While this film doesn’t escape all the tropes and conventions that afflict historical biopics, On The Basis of Sex is far better than most with its focus on Ginsburg’s far-reaching lawsuits and Jones’ grounded performance.

The Contender

Joan Allen is one of the best actresses alive never to have won an Oscar. This is all the more shameful given her commanding performance in The Contender, for which she received an Academy Award nomination.

Allen plays a US senator whose bid for the vice-presidency quickly becomes embroiled in a quagmire of dirty tricks and misogynistic machinations by her political opponents. While the narrative climax fails to do justice to the expertly plotted build-up, The Contender is still one of the most potent and memorable political dramas committed to film.

Official Secrets

If you can’t get enough of chicanery and subterfuge in the halls of power, then this film based on actual events should be up next on your watchlist. While the case of former CIA officer Valerie Plame is notorious in popular histories of the deeply controversial Iraq War, the concurrent case of GCHQ whistleblower Katherine Gun is far less well-known.

Whatever your views on that war, Official Secrets is worth watching as A-lister Keira Knightly brings conviction and charisma to her portrayal of Gun as she struggles with the burden of illicit knowledge and the consequences of following her conscience.

The Babadook

All film genres have their tropes and cliched conventions and horror is no different. From the pretty, promiscuous girl killed in the first act to the virtuous, virginal ‘final’ girl who outwits and outlives the film’s killer or monster, many horror movies are replete with the same recurring stereotypes.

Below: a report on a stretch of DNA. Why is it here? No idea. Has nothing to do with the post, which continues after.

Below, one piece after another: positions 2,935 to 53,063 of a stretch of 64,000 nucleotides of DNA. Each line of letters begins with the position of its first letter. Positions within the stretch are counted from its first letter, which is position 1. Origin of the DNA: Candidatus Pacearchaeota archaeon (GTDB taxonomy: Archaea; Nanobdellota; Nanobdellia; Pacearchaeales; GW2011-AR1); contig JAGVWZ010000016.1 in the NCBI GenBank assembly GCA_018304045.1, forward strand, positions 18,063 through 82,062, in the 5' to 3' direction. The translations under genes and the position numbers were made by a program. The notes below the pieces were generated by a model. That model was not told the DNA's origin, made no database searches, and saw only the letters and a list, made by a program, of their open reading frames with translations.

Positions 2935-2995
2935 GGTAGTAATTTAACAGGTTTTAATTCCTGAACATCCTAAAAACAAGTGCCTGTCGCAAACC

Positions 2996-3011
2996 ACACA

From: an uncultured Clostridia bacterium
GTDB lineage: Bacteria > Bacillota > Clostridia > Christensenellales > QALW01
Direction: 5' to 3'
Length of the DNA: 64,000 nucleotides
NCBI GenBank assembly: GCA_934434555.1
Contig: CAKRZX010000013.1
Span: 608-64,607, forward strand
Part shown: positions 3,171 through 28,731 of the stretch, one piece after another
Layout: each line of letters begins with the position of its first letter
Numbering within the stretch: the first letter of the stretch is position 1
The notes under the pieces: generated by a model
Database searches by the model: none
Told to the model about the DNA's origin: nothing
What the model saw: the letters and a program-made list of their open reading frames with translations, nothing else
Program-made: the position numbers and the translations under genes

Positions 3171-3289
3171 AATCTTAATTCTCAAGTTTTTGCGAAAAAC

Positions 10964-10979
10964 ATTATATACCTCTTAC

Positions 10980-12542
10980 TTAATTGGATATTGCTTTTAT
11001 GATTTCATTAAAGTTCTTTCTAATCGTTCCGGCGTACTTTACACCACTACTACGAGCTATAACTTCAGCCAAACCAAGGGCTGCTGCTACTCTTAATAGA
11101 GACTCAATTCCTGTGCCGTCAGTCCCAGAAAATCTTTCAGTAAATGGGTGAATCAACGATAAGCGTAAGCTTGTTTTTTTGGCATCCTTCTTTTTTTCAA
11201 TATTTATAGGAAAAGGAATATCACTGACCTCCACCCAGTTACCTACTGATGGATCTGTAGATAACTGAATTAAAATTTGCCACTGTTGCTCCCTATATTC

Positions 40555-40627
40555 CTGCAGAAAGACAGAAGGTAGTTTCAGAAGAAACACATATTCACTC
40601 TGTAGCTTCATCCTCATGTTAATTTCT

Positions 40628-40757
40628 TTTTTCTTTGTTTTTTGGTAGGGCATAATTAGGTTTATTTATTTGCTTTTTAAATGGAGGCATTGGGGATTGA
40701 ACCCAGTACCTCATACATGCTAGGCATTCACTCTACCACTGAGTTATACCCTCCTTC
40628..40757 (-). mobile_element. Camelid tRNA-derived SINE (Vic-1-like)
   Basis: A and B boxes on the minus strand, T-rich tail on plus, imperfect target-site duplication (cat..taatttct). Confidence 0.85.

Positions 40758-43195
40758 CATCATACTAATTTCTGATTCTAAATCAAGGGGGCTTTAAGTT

The Babadook quietly subverts some of those tropes, as it follows grieving single mother Amelia. She and her son slowly become undone by the presence of a seemingly innocuous pop-up storybook and the malevolent presence lurking within it. No matter how you think this unnerving film will end, you’re almost certainly wrong.

Whale Rider

Films depicting female leaders are uncommon; female leaders with an ethnic minority background especially so. Whale Rider follows Pai, a young girl struggling for acceptance and recognition of her leadership ambitions within her coastal patriarchal Māori community. While Whale Rider is a feel-good movie, it delivers its uplifting narrative without ever falling into the trap of being cloying or saccharine.

Wonder Woman

Many of the recent clutch of DC superhero movies have fallen flat, largely because they fail to  understand what truly drives their superhuman characters and portray them as convincing, relateable individuals.

While Wonder Woman is nothing special narratively speaking, it rises above its stablemates with its effective portrayal of the central character. Wonder Woman isn’t just skilful in combat, she’s also hopeful, compassionate and unselfish.

Just as importantly for a motion picture, director Patty Jenkins doesn’t settle for other characters telling you this in dialogue, but actually shows these qualities in action.